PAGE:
Last month, just two months after I pitched at the Entrepreneur Country and after offers of initial angel investment, my technology company had real cause for celebration. Our renewed sense of self-purpose and expert guidance saw us as it had finally landinged a contract with a global blue chip multi-billion dollar company with whom we had been in negotiationsng with for over almost 28 months.
At It was at this point that I must have to admit that I began to felt feel that our original good idea was starting to look like it had turned into a great one!
As With the business was now looking like it was about to grow and take off, partly due to thise big deal,win deal I have already referred to above our small Board business of just two Directors decided that it was time to expand the Board by seeking a number of non-executive Directors to join us with a view to helping us grow and build the business.
One of people we successfully recruited to join the Board as a Non-Executive is also a senior projects Director with a major UK national organisation and in this role they managed an annual budget of over £2bn. As a small business we felt very fortunate to have secured such an experienced talent.
The day of our first Board meeting arrived and we were eager to welcome our new non-Exec. Naturally wanting to impress our new 'big gun' we had circulated the draft 'Big' deal contract for our 'big deal' ahead of the meeting with a view to obtaining Board alignment and to agree to sign it off.
We wanted to show him what a smart and switched-on group of people we were.
Our anticipation and excitement ahead from of the meeting was running extremely high- this was the opportunity where we finally sat down and sold our vision and plans . We made our introductions and then immediately handed the chair over to our new Director.
"I see far too many risks in the commercial contract you have given me to read. In my opinion it could be potentially very bad for the business if it was to sign off under the current terms!"
You could have heard a pin drop in the room.
What did he just say, I silently asked myself while looking at my other Director for some indication that I had not heard what I had just heard. His look of confusion was all the confirmation I needed.
When the viability of a project you have just spent 28 months working on is challenged suggesting that the good idea you believe in could possibly be a badnot quite as good as you moments ago believe d, idea it can I confess, result in the release of many different emotions that range from total surprise to downright anger.
It took a couple of moments to fully understand what the Big Gun had just said. "Why is it a bad move?" I heard myself ask in my best 'confident' voice.
I'm an entrepreneur and as such I think that like most entrepreneurs I consider myself to be an optimist. By the word 'optimist' what I mean is that I tend to focus on the word GOOD in the phrase "A Good Idea". Of course we have to believe in our ideas if we are going to feel passionate about them. However, I must admit I have not always looked for the potential bad that can sit hidden within our 'Good Ideas'.
When developing a new good idea there is a tendency for entrepreneurs to sit in an echo chamber and to manipulate the information to result in positive outcomes. We all like to build big elaborate spreadsheet models which can almost develop into some kind of game, as we seek to build our new virtual business into a success – without it leaving the confines of our PC screens.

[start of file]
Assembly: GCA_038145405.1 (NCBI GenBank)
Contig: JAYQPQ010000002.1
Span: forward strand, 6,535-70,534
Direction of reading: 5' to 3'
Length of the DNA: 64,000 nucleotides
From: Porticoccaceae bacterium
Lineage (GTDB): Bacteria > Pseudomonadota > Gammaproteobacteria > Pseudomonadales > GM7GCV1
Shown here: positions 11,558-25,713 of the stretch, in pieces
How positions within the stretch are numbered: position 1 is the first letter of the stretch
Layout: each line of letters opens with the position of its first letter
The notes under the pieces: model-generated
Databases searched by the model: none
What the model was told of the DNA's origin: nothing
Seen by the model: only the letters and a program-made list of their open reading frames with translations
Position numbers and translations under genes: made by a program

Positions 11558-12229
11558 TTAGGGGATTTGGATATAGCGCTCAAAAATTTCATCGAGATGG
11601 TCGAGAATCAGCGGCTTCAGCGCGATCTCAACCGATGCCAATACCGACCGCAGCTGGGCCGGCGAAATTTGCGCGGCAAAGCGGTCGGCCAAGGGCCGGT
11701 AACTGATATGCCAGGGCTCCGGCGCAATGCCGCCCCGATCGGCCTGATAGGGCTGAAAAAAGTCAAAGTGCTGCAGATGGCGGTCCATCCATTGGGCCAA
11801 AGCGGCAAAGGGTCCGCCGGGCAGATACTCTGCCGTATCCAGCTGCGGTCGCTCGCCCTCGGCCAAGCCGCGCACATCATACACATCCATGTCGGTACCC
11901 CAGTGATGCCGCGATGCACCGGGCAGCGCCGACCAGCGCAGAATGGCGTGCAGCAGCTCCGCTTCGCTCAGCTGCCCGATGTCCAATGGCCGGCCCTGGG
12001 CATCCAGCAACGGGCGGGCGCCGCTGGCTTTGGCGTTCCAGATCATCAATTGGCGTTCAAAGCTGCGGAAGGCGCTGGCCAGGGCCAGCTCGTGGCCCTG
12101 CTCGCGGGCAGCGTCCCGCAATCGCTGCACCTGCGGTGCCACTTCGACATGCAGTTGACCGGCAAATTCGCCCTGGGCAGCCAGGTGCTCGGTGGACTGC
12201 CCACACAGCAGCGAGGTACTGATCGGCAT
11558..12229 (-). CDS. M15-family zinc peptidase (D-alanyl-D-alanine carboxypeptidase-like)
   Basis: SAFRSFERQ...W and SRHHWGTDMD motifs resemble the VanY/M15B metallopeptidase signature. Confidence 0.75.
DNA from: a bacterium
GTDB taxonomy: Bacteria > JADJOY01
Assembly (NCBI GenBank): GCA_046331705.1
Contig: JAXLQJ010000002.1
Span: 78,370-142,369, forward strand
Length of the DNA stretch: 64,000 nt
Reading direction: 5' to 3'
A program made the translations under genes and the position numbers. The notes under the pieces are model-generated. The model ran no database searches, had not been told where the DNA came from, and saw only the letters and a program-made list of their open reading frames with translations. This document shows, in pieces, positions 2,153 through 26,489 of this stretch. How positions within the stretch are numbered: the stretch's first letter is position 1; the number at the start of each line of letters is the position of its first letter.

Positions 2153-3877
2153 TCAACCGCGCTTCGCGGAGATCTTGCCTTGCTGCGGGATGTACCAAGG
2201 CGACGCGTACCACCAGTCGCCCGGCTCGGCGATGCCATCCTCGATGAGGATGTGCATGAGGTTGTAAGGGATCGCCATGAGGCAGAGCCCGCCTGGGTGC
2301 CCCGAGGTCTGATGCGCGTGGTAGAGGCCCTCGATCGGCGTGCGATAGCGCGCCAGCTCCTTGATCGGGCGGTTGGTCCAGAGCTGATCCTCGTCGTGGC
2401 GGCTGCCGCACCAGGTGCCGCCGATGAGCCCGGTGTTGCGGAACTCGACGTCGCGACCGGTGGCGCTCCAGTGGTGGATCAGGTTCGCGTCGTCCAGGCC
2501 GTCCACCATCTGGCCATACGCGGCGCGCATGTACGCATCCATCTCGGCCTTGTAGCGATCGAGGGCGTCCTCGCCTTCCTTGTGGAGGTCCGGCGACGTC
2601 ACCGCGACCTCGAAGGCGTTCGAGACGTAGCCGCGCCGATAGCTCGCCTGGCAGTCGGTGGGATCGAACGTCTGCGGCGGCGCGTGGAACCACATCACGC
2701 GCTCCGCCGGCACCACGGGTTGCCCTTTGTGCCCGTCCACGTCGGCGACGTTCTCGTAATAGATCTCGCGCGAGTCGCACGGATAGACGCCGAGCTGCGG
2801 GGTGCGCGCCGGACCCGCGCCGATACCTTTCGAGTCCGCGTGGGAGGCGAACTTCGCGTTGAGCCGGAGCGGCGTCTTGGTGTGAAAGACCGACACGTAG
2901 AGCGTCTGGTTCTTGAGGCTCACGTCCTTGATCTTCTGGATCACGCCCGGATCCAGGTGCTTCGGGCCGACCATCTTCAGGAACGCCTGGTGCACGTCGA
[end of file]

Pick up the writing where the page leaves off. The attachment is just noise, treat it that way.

Our early spreadsheet models and forecasts can evolve into our 'comforts' on which we develop and build confidence in our ideas. There is however, one major flaw in this approach and that is that our spreadsheets are subjective and can be designed to tell us what we want them to tell us.
No-one ever wants to admit that a good idea they have may actually be a bad idea for a whole range of different reasons and for this reason we tend to develop all the upside for our new idea before we consider any of the Con's and downside.
"What did he just say?", I silently asked myself while looking at my colleague for some indication that I had not heard what I just had. His look of confusion was all the confirmation I needed.
Back to our Board meeting...
After listening to the opinion of our latest Non-Exec Director it became clear that too much of our planning and negotiation had taken place within our own echo chamber and that we had essentially failed to consider several potential downside of our business models. There simply had not been enough "What if..." discussions before proceeding to contract.
We agreed to boot up our laptops so we could all take a closer look at the underlying business models associated with our big deal contract. After a period of timespent tinkering and adjusting with our 'comfort' spreadsheets they began to look more suddenly became more objective in their forecasts and in doing so we had highlighted some very serious potential flaws in our numbers. It was clear that we had some more work to do before we could be confident in signinged off that particular agreement.
That first meeting with our new board very possibly saved the business and at the very least woke us up to the reality of the expectations upon us.
I intend to continue developing Big new ideas but in doing so I will try to stay out of the echo chambers and aim to develop objective models with a view to accepting the fact that a good idea may in actual fact be a bad one.
Get the picture!